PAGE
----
I took this picture of the Victory Chimes with what was left of my phone battery.  The VC is on the Maine quarter (25 cents), and this straight-on shot of her is unusual.  She docks on the same wharf as the Riggin, and she is HUGE.

Victory Chimes

Here’s Captain Annie as we near Rockland Harbor:


Here’s Geoff teaching us about Appalachian music fun with a little wooden dancer and a flute:

Here, I was able to pan the deck so you can see the size of this boat.  The rear of the boat is straight ahead:


I did not knit this trip, but took two English Paper Piecing projects.  The quilt-let centers, and the one-inch pentagons to make spheres that will be stuffed with smelly plants, like lavender and balsam.

These centers are ready for the next step in the quilt-let project.


Ready to be stuffed:


In progress:


The osprey babies were still in the nest:


And when I got home, Linda McKinney had left me a bouquet of flowers from my very lush (and now weedy) garden:


Turkey Tracks: Two Sailing Trips

Turkey Tracks:  August 17, 2015

Two Sailing Trips

I spent 6 glorious days on the windjammer schooner J&E Riggin with friend of at least 40 years, June Derr.

We left the dock on a foggy Saturday morning, sailed through the fog bank, and enjoyed bright sunny weather for the rest of our beautiful trip.


The Riggin is the middle ship.

Here she has her canopy up for deck protection.


Here’s a pic of some members of this congenial group of sailors–most of whom have signed up for this same 6-day cruise next year.



On our last day, as we were headed back toward Rockland, a big storm brewed up.  And here is perhaps my favorite picture of this trip–taken by June Derr:



We ran for our foul-weather gear as the storm was moving fast.  I got June’s as she was busy taking pics.




We ducked into Owls Head Harbor for the night–a beautiful harbor.  And the storm passed uneventfully and the sun came out before dusk arrived.

I didn’t even feel the storm from my seat in the galley, enjoying a cup of coffee and reading a good book.

When Mike was here, he treated us to a sail on the windjammer Olad, owned by Captain Erin Lincoln, which sails out of the Camden harbor.

My oldest grandchild, Bowen, was allowed to sail this ship for quite some time.  That experience fired up his imagination and dreams big time.

Here’s two pics of all of us:





Books:  July 27, 2015



I am just back from six days on the windjammer J&E Riggin.

Six days comprised of glorious water views, fabulous Annie Mahle food and John Finger sailing, fun and enlightening Geoff Kauffman singing and storytelling, and island and town exploring.

Six days of reading/reading/reading, relaxing, visiting, and having a real vacation.

I’ve already signed up for this same trip next year.  AND for the four-day quilting cruise September 2016.  (Knitters, birdwatchers, readers, food appreciators, sailing lovers, and so for forth could come too.)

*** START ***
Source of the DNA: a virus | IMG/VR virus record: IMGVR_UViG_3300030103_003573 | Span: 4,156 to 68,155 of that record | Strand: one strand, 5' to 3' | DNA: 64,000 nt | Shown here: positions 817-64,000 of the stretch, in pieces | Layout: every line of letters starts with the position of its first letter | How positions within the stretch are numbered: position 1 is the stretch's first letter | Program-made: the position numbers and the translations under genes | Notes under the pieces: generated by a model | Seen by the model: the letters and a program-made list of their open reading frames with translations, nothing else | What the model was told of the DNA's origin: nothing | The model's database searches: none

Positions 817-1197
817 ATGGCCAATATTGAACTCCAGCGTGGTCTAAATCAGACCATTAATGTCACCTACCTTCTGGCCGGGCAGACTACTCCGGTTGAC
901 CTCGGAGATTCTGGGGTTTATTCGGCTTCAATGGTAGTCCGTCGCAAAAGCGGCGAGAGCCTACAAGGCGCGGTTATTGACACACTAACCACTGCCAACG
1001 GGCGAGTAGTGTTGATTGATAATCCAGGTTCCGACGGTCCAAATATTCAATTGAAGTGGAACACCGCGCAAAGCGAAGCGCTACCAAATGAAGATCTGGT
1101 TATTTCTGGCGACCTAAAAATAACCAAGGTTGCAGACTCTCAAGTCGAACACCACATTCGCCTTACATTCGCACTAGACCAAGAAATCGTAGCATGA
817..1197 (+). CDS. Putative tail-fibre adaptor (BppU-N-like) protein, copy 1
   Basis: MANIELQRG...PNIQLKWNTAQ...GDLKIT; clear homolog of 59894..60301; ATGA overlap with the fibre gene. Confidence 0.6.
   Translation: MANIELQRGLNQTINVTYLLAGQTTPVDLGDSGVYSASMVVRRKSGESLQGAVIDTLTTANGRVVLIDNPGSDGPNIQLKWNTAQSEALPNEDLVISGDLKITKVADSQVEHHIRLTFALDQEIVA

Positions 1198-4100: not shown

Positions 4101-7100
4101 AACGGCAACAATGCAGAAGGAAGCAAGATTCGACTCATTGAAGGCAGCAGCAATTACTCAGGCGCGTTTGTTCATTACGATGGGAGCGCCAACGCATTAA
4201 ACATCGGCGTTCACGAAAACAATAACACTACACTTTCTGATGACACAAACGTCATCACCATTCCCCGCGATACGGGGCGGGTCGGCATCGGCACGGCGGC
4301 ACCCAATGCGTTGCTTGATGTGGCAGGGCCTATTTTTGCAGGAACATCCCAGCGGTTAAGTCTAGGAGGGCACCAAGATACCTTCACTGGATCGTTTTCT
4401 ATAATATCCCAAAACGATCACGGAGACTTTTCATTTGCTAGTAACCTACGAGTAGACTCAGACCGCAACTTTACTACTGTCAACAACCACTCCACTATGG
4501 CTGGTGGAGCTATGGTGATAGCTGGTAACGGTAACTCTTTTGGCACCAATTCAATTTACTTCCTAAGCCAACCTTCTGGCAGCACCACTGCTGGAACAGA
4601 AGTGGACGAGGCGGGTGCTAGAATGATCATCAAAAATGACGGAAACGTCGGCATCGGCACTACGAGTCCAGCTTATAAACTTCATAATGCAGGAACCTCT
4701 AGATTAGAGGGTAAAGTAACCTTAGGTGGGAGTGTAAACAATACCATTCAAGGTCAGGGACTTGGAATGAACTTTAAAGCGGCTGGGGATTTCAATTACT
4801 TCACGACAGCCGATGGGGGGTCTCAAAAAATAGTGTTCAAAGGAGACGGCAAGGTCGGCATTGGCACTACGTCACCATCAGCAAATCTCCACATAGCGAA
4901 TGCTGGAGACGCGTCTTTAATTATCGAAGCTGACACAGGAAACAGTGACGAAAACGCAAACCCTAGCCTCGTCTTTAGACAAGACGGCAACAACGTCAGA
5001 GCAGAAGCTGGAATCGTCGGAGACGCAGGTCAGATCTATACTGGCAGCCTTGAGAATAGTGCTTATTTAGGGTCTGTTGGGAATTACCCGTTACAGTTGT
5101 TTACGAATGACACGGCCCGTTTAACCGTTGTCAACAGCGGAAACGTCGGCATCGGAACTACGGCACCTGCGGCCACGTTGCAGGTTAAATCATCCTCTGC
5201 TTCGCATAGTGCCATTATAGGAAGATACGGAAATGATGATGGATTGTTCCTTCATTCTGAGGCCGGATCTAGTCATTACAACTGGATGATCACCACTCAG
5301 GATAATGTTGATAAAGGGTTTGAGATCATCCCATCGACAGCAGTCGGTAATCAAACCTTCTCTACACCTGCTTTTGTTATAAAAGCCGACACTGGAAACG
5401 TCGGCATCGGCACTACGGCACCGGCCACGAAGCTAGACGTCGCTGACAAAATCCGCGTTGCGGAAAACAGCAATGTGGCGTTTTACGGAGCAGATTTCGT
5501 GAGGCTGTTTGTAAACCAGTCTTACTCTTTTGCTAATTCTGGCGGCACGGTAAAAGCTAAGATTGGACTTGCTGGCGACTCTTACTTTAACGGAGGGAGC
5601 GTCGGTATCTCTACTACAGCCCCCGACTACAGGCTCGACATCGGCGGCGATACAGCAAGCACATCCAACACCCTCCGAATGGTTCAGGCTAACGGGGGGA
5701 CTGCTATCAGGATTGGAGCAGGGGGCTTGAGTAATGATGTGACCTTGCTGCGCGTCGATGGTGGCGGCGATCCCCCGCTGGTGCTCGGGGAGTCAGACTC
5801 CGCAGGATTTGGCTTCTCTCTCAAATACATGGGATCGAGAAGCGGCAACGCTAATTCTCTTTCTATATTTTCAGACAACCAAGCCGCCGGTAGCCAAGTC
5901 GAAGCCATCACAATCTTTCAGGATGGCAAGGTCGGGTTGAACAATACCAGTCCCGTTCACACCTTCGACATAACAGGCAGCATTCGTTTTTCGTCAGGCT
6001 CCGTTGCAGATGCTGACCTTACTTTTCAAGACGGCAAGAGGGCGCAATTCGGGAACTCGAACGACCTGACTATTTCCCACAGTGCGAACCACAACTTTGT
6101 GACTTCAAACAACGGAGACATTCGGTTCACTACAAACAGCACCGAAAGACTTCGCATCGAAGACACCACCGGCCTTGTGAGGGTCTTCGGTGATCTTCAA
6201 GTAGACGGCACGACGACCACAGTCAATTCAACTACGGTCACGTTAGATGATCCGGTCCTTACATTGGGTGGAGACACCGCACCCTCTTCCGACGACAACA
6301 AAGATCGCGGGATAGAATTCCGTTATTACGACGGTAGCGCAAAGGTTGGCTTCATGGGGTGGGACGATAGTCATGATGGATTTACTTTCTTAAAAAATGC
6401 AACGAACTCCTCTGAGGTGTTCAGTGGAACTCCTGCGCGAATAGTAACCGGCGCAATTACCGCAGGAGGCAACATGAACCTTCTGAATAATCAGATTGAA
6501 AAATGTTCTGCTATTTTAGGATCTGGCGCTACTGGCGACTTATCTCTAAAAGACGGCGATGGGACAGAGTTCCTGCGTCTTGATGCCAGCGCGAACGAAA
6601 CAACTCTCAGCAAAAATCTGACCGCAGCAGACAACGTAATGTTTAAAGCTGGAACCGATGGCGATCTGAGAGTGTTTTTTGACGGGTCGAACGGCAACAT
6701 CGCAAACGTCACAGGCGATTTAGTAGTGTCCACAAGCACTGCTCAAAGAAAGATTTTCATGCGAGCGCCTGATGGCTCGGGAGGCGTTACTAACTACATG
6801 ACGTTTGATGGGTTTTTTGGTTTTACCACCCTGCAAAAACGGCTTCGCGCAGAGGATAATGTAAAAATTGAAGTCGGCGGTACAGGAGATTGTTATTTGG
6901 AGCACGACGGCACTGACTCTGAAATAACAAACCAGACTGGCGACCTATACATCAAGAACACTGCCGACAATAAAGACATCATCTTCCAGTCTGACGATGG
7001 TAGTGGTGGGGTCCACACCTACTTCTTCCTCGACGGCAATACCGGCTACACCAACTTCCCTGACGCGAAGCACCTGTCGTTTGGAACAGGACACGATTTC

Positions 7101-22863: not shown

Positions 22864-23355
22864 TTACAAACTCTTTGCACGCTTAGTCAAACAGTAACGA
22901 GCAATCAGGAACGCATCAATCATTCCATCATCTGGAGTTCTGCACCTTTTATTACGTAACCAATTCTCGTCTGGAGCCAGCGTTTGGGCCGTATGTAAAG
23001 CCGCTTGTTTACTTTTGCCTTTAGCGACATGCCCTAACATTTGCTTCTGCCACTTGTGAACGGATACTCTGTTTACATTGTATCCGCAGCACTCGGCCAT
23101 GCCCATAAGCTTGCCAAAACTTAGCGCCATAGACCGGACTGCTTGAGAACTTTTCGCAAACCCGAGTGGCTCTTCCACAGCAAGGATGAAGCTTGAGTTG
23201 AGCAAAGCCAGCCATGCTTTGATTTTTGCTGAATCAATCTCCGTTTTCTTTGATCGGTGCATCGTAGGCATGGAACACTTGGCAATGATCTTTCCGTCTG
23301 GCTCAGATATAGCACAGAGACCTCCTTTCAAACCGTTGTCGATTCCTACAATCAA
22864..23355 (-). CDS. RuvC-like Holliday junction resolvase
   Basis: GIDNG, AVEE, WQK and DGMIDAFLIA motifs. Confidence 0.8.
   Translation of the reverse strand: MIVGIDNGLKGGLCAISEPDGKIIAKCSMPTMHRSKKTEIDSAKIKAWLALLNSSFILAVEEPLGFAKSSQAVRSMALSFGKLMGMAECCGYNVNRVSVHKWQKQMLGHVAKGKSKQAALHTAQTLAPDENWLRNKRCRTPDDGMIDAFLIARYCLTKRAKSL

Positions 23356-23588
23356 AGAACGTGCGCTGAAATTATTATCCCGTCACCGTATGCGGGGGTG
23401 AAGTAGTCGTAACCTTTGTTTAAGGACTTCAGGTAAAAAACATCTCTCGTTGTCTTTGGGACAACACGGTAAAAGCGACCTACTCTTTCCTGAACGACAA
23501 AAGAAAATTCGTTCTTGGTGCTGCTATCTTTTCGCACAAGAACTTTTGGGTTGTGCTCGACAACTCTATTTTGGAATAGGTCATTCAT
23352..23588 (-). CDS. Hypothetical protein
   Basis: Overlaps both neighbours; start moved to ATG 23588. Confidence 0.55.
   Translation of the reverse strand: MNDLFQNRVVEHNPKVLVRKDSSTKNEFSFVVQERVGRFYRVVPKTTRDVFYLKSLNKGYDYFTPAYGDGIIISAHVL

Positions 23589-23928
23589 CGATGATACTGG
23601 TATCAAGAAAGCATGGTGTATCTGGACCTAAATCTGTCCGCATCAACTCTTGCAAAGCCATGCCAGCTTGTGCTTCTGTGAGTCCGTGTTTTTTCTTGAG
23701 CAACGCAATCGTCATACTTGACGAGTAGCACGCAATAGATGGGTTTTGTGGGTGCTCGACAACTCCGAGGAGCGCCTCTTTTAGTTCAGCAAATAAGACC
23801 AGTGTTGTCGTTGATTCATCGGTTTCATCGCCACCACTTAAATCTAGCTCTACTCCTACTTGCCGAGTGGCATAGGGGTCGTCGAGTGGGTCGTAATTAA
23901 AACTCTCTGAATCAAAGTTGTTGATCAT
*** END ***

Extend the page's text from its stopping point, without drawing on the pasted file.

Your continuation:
So, here’s a book I read on the Riggin:





And I loved, loved it.

Alexandra Fuller, raised in southern Africa, married Charlie Ross, from America (Philadelphia).

Fuller, in wise and wonderful ways, brings home the point that we are NOT all alike under the sun.  Culture is a huge part of who we are–unless we have just all become consumers who live in “safe” places.

Here’s a short quote from a much longer, much richer passage where Fuller begins to get at the differences between being raised in southern Africa and most anywhere in America:

A pod of hippos snorted at us as we began our wobbling descent downstream.  I closed my eyes and paddled as calmly as I could.  Behind me, I could hear Charlie taking deliberate, sweeping strokes through the water.  He was unafraid of what might happen, because he saw the hippos not as I did, as the most murderous of all African wildlife, but as fellow river dwellers.  Charlie knew he was supposed to be here.  I knew I was a trespasser.  “Don’t panic,” Charlie said.  We were wearing lifejackets, Charlie had a throw bag and a river runner’s knife.  He knew CPR and had taught river rescue on rivers in Wyoming and Colorado as well as on the Zambezi.  But I understood; it’s rarely the thing you prepare for that undoes you (43).

And a quote showing how connected we are in our culture while we are still in it:

And two weeks later, when I lay in bed coughing and fevered, I believed I could remember the woman who had made me sick, because however hard we work to isolate ourselves from one another and to shore ourselves up against discomfort, we are not immune from one another.  There is no way to shut the doors against our contagions, to ward off the effects of our collective stupidity and greed and violence.  Those who have an understanding of the mhondoro ceremony were correct when they told me that all beings in a community are connected, that the madness of one is the madness of everyone, that there is no separation of minds and bodies between people.  It was true when they said the sickedness and carelessness and avarice of one would bring pestilence on the whole.  Your sickness is mine.  My sickness is yours (204).